The painting "Starry Night" by Vincent Van Gogh contains many of the elements typical of his later paintings. It is the purpose of this paper to critically analyze the work of art in terms of observation, analysis, interpretation, and evaluation.
This painting was completed in 1889 shortly before Van Gogh's move to a mental institution. It presently is displayed at the Museum of Modern Art in New York City. "Starry Night" is a landscape and skyscape in brilliant shades of blue, green, and yellow, with a tall, flame-like cluster of deep-green trees in the foreground. The forest-green group of trees are outlined in red which further suggests flames. The blue rolling horizon line resembles waves or cascading waterfalls, and the little village between the dark trees and horizon has a simple storybook quality. The buildings--five or six houses and a steepled church near the center--are child-like in their boxy simplicity. Near the village are various rectangular shapes which resemble more buildings, but they are not complete in their representation.
The upper two-thirds of "Starry Night" shows the Van Gogh style in its swirling, meteor-like spirals and balls. These are no ordinary stars. All of them are larger than any one of the buildings below, and their undulating movements dominate the painting. The round burst of color on the far right contains a pleasing quarter-moon shape in orange. The church spire points upward to the most dramatic of the sky swirls which are a lighter, larger version of the rolling blue hills.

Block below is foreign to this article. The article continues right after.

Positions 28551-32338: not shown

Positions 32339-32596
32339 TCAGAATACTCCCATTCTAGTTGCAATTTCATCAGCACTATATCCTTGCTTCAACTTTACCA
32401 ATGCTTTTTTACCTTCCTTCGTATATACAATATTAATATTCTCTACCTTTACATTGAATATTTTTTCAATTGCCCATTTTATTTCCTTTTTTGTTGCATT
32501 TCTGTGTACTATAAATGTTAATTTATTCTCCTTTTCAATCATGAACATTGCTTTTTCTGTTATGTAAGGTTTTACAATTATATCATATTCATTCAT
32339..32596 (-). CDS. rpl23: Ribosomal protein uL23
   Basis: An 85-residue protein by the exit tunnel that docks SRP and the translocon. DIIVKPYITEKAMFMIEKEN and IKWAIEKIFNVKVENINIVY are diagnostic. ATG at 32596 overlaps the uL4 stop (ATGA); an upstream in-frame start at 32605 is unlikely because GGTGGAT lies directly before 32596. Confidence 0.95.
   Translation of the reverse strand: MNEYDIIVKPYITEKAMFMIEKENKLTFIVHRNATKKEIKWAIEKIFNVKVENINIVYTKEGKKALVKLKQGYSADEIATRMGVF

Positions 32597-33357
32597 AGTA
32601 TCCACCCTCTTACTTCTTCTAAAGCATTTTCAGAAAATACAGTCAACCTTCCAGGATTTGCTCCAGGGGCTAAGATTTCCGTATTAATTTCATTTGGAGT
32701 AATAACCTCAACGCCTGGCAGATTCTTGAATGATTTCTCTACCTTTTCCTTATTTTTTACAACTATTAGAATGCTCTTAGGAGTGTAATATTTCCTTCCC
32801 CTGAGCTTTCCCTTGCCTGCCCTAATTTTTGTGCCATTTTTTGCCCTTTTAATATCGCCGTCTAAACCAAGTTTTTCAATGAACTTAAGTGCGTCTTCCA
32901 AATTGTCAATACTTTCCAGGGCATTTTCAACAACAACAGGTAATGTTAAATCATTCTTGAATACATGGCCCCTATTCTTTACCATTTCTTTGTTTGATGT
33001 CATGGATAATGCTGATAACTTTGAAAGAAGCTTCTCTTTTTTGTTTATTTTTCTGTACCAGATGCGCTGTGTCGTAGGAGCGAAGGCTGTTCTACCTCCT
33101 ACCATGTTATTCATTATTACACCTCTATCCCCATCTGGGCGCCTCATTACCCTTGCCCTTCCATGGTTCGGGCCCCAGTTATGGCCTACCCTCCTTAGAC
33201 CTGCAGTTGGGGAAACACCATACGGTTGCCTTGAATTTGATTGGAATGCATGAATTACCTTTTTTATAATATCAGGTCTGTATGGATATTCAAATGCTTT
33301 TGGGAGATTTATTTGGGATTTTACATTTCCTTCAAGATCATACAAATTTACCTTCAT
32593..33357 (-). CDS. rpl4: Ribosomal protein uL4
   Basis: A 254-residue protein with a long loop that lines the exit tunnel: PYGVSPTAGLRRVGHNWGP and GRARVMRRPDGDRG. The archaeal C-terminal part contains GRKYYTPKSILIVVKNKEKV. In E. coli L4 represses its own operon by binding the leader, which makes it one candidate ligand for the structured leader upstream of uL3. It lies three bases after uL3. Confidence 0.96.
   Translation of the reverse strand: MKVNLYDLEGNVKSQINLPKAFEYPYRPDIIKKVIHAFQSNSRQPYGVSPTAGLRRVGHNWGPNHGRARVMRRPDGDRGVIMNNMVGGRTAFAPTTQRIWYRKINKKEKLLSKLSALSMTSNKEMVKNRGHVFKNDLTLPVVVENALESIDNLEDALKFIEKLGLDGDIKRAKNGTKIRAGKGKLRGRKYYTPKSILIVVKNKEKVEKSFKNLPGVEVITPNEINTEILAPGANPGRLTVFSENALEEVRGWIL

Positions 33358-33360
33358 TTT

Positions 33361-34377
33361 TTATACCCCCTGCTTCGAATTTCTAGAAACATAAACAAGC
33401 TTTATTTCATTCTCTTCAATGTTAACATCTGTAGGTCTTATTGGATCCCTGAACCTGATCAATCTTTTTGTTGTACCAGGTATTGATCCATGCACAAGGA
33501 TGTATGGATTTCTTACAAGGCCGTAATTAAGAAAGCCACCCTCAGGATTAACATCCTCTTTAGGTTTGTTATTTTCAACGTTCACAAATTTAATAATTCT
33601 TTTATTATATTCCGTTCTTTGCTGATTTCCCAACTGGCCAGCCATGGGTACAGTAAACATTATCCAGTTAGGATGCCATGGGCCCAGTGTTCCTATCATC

This oil on canvas resembles the artist's work of one year later--"Road with Cypress and Star." The resemblance lies in subject matter (landscape, evergreen trees, and swirling sky), but more importantly, one sees the progression of Van Gogh's personal sense of urgency and agitation. The wavy lines seem to barely stay within the paintings. Every line of these paintings is restless